The Roman Catholic archdiocese of Bamberg and Würzburg in Germany moved quickly to expel two seminarians studying at a seminary in Würzburg for participation in neo Nazi activities. They had been accused of giving the Nazi salute and of making anti-Semitic jokes and inappropriate comments about the Holocaust. A third priest in formation is facing questioning, according to Archbishop Ludwig Schick, who allegedly said that protesters at recent anti-racism rallies in Germany deserve a “smack in the face.” Archbishop Schick said that his decision about the expelled seminarians is “final.” The allegations made against the seminarians have been forwarded for possible prosecution by the state. "All forms of xenophobia, racism and extremism are incompatible with Christianity," Archbishop Schick told a news conference in Würzburg on July 29.
Attending the press conference were Archbishop Schick, Bishop Friedhelm Hofmann of Würzburg, and Judge Norbert Baumann of Bamberg. The latter served as the chairman of an independent review board that investigated allegations that an underground network of neo-Nazis was active at the Catholic seminary. Archbishop Schick said at the conference that he was "very concerned" about the allegations, "especially if it is something that happens within the Church." For his part, Bishop Hofmann described the effect of the allegations on the remainder of the seminarians, saying "You can imagine that there currently exists a very bad mood."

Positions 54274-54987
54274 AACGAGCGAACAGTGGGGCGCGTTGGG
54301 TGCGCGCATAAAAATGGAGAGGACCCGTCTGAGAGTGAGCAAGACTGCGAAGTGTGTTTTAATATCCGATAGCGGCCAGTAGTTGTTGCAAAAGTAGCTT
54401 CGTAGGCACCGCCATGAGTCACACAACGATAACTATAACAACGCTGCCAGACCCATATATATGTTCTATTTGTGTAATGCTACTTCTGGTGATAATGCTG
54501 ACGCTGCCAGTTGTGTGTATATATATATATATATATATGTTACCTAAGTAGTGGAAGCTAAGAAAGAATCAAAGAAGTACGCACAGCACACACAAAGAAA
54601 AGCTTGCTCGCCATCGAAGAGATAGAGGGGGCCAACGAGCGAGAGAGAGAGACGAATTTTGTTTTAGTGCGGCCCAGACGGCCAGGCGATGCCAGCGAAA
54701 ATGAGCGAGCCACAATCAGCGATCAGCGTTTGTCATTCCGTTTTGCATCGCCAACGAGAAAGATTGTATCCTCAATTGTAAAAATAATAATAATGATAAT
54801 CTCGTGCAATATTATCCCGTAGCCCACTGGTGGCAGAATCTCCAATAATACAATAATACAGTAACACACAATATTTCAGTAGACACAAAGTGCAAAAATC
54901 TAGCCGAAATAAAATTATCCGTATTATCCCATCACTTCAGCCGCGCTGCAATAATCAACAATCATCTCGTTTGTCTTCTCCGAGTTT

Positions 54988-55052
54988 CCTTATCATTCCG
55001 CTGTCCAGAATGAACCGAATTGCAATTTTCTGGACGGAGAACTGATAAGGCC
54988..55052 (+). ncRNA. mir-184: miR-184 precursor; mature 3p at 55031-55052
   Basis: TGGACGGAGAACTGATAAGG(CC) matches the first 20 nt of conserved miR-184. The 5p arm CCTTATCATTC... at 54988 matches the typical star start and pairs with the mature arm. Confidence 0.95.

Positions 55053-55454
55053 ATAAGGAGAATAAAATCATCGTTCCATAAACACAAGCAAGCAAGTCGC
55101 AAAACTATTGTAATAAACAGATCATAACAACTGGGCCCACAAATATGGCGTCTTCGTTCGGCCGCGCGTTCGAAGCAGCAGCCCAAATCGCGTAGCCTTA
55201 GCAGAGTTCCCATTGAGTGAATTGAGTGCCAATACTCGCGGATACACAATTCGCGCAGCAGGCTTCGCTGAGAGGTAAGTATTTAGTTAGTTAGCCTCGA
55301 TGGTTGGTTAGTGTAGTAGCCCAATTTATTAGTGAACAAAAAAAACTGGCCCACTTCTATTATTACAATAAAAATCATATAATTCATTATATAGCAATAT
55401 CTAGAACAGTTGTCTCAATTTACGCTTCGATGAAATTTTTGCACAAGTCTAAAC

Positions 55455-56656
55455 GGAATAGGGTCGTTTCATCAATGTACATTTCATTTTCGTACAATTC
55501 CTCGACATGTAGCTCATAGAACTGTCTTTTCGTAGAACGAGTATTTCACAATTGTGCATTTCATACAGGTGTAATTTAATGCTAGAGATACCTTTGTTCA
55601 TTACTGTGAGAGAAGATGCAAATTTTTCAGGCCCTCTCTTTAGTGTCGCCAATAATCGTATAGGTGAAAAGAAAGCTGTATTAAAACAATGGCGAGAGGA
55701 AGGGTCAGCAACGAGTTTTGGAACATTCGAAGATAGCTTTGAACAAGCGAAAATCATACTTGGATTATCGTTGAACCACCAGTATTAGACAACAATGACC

Bishop Hofmann made it clear extremist tendencies “have no place in our priestly formation.” He said that he is contact with the director of the seminary to re-examine the curriculum for aspirants to the priesthood, while making the “educational and spiritual effort needed to restore confidence in the seminary. Moreover, intensive efforts are needed to increase awareness of the special relationship between Jews and Christians in the formation of priests.”
Beginning in May of this year, rumors of a "brown (Nazi) network" at the seminary began circulating. There was also gossip that a party was held at the seminary’s cafeteria to celebrate the April 20 anniversary of the birth of Adolf Hitler. However, the independent commission found no proof that the birthday party had actually taken place. In Germany, the use of Nazi symbols or the glorification of Nazism is not only abhorred by most Germans but is also illegal.
Judge Baumann said the commission’s investigation probed 28 people, including all 18 seminarians in Wuerzburg. While the two expelled seminarians were not identified, Baumann described that one of them had told at least three jokes that were "not 'Jewish jokes' in the sense of Yiddish or Jewish wit but ... completely unacceptable and unbearable 'concentration camp jokes' that mock the mass murder of countless Jewish children, women and men during the Third Reich."
One of the seminarians attended a concert by controversial rock band on Hitler's birthday, and excusing himself from Mass at the seminary without saying why, Judge Baumann said. Archbishop Schick added this seminarian was also fascinated by Nazi uniforms. Another seminarian was accused of remarking that the seminary cafeteria needed "a Negro to clean up" the tables. Judge Baumann said that the commission found no evidence that the seminarians had played neo-Nazi music at the seminary, but did often play the famed ‘Badenweiler March’ in the knowledge that it was Hitler’s favorite marching tune.